It was an absolutely heartbreaking story that was made even more gut wretching with the knowledge that there were thousands of real families that were torn apart and children who were robbed of their identities and sometimes even their lives at the hands of people who lined their pockets at their expense. It’s the kind of story that will linger in the back of your mind long after you’ve read it.

On that note, I’m now looking something uplifting to read. Have you read anything happy lately?

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I Made Things In March

It’s taken me a while to write this because I’d been waiting for a nice sunny day to take the accompanying pictures. For almost two months, that day didn’t come. March and most of April was so cold, dark and grey I just couldn’t finish this post. It’s finally Spring though and I feel alive again and I’m getting things done.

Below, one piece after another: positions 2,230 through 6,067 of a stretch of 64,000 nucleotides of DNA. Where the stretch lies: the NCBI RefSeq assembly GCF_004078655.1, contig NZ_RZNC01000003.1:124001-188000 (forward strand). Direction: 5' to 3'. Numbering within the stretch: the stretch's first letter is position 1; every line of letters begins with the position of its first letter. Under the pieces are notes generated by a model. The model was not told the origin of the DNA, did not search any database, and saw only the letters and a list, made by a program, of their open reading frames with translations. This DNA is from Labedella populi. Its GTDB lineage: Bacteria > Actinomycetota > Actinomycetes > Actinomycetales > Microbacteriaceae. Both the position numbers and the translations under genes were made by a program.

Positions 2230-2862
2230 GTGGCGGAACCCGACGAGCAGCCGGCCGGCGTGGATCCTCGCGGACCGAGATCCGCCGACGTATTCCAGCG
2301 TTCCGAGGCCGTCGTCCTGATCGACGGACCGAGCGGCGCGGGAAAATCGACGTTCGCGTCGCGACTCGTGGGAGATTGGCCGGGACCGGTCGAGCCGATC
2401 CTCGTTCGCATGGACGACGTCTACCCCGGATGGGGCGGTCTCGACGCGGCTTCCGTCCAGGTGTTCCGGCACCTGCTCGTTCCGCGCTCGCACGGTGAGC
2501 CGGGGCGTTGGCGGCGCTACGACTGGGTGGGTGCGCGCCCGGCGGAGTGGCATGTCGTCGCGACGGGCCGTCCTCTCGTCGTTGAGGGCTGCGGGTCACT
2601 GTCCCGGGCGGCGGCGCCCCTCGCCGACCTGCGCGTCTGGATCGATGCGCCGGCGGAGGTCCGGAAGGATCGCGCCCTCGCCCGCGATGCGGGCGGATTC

Moppe Ikea Hack

Apparently, Ikea discontinued these for a while but brought them back by customer demand. I actually picked up this one at a thrift store a while ago for about $5. I stained it this chestnut waterbased stain that I already had and then ordered the cardholder/pulls from Etsy.

I’m really happy with how this came out. Eventually, it’s is going to be used for storage in my craft room when I finally clear the junk off the counter. I’ve also got another on deck for refinishing, as my husband wants one now too!


This is what it looked like before (Photo source: Ikea)

Purl Soho Toddler City Gym Shorts